A fresh look at the often-censured but imperfectly understood traditions of Utilitarianism and political economy in relation to Victorian literature and culture. A fresh look at the often-censured but imperfectly understood traditions of Utilitarianism and political economy in relation to Victorian literature and culture. Victorian Literature, Utility, Political Economy, Kathleen Blake, Oxford University Press, 2009, 267 Pages.

Kathleen Blake is Professor of English at the University of Washington, author of Play, Games, and Sport: The Literary Works of Lewis Carroll and Love and the Woman Question in Victorian Literature: The Art of Self-Postponement.

Bentham in the Twentieth Century’. In The Evolution of Modern Economic Theory and Other Papers on the History of Economic Thought. Sraffa, P. (E. 1962. The Works and Correspondence of David Ricardo (with the collaboration of . Dobb) Vol. III. Pamphlets and papers, 1809–1811. Cambridge: Cambridge University Press. IX. Letters, July 1821–1823.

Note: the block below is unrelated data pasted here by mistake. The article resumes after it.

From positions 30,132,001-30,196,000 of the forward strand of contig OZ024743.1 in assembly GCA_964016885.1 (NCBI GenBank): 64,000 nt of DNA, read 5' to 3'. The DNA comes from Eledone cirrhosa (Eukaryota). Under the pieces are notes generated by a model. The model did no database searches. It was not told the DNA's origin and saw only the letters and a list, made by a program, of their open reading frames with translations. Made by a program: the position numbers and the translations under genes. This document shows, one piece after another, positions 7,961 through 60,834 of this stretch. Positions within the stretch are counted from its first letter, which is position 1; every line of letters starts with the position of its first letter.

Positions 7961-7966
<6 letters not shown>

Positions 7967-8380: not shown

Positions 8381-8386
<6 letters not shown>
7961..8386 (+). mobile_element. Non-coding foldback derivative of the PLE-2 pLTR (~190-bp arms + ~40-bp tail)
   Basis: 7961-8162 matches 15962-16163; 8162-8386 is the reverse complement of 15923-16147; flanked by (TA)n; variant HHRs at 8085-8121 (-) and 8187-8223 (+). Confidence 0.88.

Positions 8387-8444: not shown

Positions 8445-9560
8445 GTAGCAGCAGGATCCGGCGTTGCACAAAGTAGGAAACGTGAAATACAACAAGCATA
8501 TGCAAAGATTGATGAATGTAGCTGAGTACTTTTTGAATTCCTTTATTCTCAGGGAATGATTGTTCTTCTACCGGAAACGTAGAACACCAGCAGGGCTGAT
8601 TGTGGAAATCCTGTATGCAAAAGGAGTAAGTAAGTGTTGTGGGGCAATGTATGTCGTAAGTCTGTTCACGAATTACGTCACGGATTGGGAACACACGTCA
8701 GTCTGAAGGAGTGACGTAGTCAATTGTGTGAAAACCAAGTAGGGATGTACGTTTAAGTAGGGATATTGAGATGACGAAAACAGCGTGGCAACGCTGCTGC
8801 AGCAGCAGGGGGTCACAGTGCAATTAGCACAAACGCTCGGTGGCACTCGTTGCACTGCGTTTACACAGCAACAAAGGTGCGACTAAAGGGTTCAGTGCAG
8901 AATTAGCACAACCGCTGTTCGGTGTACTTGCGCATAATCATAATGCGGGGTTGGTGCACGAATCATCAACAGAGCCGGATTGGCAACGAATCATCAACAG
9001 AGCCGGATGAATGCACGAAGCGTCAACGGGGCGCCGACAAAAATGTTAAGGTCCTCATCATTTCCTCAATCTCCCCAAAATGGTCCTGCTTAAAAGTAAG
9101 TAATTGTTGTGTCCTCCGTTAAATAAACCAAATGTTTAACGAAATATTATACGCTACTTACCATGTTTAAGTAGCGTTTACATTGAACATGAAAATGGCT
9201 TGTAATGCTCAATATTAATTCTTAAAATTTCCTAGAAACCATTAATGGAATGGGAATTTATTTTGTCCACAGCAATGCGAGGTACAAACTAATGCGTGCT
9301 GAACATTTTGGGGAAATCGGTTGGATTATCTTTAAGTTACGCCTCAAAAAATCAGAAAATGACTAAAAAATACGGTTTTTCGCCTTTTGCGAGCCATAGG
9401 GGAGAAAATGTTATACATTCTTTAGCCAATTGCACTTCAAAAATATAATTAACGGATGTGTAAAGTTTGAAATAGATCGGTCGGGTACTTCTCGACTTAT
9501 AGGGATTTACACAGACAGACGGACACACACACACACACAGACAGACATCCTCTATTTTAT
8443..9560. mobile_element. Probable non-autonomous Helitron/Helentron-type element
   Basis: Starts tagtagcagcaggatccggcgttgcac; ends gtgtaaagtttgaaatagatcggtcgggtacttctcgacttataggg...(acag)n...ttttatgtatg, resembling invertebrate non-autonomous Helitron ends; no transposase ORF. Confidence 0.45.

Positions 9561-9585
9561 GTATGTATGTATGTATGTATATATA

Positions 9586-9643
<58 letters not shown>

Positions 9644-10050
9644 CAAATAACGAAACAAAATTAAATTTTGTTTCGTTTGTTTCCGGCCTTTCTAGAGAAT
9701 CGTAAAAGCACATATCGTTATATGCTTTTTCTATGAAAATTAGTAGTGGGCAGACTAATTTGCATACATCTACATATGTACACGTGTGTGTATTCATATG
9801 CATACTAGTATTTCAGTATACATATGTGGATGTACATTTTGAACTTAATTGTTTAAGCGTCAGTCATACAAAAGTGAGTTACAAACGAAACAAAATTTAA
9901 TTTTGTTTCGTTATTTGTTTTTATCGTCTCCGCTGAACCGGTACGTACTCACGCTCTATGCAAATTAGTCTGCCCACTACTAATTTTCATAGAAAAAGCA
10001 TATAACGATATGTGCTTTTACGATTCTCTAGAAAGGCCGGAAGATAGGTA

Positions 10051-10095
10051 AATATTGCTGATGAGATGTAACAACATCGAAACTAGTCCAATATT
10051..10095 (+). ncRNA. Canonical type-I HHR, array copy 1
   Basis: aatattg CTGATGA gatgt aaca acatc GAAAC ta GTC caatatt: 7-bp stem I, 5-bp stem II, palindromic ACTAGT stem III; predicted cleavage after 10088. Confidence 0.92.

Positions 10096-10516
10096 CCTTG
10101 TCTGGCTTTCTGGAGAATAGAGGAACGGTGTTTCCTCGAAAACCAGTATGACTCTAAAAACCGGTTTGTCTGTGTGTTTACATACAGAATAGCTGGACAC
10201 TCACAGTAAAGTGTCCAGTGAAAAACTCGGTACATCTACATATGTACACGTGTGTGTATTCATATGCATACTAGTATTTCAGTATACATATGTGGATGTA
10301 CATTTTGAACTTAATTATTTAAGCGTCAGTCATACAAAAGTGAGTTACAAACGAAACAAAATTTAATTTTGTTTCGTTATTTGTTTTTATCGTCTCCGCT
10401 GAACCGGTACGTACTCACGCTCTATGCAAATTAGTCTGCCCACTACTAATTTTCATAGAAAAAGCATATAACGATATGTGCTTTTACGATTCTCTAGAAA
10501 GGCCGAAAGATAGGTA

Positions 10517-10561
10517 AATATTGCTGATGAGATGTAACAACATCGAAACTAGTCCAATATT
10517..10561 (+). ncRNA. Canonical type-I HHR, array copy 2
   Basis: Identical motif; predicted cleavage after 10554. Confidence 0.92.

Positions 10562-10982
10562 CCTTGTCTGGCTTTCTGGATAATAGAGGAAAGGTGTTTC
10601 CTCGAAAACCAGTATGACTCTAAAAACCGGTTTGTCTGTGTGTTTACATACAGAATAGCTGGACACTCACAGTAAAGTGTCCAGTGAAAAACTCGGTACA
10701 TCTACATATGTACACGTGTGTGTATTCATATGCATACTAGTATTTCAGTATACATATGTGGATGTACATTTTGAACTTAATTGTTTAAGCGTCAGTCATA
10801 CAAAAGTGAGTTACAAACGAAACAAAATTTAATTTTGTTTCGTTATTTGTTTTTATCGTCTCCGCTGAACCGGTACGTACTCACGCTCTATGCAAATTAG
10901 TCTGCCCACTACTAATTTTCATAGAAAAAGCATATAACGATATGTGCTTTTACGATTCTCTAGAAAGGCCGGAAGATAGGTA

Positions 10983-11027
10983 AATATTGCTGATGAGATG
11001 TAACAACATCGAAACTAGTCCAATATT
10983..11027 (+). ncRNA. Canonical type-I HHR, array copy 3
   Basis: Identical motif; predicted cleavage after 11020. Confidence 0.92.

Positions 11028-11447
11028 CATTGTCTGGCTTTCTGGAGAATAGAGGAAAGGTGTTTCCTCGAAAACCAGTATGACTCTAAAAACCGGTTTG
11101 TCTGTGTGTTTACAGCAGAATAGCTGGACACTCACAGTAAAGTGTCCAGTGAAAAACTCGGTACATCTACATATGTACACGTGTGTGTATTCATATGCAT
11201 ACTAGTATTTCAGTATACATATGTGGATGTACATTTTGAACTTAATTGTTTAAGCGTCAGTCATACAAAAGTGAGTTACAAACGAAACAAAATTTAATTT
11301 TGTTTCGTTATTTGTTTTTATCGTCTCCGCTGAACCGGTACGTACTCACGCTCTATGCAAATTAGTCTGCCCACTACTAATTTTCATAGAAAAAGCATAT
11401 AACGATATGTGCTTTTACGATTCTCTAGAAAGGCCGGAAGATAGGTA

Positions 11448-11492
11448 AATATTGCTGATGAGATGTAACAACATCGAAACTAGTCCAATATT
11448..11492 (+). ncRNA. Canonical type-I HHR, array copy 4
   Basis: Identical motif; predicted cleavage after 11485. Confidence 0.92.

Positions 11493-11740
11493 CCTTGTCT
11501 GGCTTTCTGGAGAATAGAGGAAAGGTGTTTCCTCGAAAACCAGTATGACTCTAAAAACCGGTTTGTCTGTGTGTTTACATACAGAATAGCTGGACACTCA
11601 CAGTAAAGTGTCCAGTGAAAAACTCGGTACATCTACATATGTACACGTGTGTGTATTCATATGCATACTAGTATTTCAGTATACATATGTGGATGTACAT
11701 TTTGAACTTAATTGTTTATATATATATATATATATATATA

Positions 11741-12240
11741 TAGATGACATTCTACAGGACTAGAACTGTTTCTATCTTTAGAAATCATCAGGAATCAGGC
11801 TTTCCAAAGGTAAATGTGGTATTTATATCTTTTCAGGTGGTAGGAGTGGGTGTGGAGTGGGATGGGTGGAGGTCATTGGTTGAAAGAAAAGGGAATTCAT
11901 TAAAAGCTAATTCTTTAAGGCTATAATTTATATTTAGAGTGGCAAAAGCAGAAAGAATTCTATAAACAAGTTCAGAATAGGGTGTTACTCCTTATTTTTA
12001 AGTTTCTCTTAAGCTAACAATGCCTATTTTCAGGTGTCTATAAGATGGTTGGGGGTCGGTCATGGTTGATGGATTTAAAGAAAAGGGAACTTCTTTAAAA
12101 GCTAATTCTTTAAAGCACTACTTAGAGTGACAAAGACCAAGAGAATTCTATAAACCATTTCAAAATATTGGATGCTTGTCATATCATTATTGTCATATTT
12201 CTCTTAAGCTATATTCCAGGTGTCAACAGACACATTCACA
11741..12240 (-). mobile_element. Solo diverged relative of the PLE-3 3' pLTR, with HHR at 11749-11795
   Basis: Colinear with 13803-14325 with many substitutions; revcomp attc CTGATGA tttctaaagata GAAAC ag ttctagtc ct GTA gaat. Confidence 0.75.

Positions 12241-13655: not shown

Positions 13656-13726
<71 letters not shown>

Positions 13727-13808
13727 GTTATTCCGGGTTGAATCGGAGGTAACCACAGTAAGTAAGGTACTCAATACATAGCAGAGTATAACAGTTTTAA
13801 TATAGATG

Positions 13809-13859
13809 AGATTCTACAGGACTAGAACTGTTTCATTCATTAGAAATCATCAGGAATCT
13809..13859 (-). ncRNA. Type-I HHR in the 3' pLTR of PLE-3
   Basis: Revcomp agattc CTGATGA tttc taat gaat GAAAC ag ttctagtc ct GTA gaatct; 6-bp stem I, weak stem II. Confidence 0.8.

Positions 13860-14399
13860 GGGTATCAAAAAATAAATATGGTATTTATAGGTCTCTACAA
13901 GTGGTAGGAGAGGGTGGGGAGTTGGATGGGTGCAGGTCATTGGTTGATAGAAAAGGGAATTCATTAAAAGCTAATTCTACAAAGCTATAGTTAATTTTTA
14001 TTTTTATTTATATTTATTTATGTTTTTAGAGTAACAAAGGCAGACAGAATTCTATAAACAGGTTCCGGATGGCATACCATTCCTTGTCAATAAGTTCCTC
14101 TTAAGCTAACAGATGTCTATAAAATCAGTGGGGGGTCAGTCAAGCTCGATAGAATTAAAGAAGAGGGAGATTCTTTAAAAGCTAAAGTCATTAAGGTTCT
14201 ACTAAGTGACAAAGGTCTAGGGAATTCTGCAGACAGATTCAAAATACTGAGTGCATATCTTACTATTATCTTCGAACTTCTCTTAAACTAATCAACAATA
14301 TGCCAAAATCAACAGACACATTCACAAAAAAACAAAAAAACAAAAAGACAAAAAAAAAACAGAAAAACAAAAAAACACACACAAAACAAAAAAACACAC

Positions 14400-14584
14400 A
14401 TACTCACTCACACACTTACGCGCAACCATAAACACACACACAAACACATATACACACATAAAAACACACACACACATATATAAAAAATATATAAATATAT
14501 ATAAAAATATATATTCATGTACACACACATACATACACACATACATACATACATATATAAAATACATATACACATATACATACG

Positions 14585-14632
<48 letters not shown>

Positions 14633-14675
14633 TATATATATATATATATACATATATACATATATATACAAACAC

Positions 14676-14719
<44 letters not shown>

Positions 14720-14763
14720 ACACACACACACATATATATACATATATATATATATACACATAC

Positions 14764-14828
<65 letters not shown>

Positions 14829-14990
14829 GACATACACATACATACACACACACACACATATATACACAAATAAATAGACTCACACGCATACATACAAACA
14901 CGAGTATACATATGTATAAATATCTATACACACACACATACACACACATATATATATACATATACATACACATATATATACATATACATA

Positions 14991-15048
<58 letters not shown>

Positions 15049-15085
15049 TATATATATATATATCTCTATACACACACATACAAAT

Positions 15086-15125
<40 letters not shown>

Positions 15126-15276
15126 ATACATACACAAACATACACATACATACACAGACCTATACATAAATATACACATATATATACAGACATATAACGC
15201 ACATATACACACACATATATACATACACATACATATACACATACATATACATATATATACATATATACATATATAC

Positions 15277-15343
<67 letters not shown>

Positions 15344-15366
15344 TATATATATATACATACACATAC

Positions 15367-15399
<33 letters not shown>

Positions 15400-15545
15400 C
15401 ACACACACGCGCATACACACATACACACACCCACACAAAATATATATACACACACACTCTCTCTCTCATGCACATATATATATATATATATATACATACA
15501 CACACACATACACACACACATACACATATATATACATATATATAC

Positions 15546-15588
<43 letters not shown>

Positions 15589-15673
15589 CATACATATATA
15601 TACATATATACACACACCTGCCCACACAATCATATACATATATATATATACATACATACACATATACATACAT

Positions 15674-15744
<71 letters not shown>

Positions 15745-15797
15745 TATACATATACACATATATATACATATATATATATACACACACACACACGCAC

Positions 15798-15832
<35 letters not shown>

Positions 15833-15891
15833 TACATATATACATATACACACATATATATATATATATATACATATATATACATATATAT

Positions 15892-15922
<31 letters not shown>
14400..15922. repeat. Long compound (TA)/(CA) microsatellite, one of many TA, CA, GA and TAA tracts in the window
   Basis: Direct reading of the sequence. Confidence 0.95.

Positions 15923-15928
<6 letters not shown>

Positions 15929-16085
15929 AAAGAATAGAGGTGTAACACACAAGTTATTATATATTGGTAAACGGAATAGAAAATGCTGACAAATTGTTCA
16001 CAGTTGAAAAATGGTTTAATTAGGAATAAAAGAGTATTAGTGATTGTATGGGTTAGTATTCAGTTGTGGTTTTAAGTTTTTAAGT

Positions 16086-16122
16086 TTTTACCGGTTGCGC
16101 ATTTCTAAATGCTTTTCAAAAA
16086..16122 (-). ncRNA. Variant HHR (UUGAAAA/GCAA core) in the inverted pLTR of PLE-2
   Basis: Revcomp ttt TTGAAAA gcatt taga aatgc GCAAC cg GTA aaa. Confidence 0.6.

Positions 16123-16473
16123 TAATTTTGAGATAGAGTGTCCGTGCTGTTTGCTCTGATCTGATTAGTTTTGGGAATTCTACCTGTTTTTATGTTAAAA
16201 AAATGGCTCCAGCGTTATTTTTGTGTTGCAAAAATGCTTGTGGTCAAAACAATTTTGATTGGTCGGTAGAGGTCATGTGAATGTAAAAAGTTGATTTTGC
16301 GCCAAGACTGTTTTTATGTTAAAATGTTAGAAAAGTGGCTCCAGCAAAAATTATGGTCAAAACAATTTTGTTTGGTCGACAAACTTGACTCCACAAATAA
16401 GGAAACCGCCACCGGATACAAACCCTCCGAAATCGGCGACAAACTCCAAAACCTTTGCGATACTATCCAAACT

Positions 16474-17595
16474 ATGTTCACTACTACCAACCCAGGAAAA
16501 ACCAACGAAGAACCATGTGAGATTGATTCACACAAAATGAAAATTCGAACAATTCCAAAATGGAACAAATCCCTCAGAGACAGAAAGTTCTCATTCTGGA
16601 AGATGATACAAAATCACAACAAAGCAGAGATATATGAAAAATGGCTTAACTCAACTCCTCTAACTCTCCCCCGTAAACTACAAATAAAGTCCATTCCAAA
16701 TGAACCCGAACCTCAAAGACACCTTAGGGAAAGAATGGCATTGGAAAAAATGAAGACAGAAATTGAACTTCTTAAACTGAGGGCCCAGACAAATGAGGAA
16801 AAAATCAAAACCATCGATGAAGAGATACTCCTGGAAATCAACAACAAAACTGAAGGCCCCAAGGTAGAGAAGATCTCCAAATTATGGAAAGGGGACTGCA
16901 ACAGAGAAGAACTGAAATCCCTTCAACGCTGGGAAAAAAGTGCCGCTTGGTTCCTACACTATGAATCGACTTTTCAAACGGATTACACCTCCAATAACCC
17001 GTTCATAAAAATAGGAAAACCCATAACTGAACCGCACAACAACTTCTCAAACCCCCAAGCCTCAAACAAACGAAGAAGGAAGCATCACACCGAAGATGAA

Keywords: political economy, Benthamism, Victorian literature, University Press, Kathleen Blake, Oxford University, Pleasures. For questions or feedback, please reach us at support at scilit.

Pleasures of Benthamism: Victorian Literature, Utility, Political Economy (Oxford: Oxford University Press, 2009). CrossRefGoogle Scholar. Complete Writings, ed. by Geoffrey Keynes (London: Oxford University Press, 1969). The Anatomy of Influence: Literature as a Way of Life (New Haven: Yale University Press, 2011).

Utility and Democracy: The Political Thought of Jeremy Bentham, by Philip Schofield The Pleasures of Benthamism: Victorian Literature, Utility, Political Economy, by Kathleen Blake. Utility and Democracy: The Political Thought of Jeremy Bentham, by Philip Schofield The Pleasures of Benthamism: Victorian Literature, Utility, Political Economy, by Kathleen Blake (pp. 533-536). Dress Culture in Late Victorian Women's Fiction: Literacy, Textiles, and Activism, by Christine Bayles Kortsch Representations of Hair in Victorian Literature and Culture, by Galia Ofek.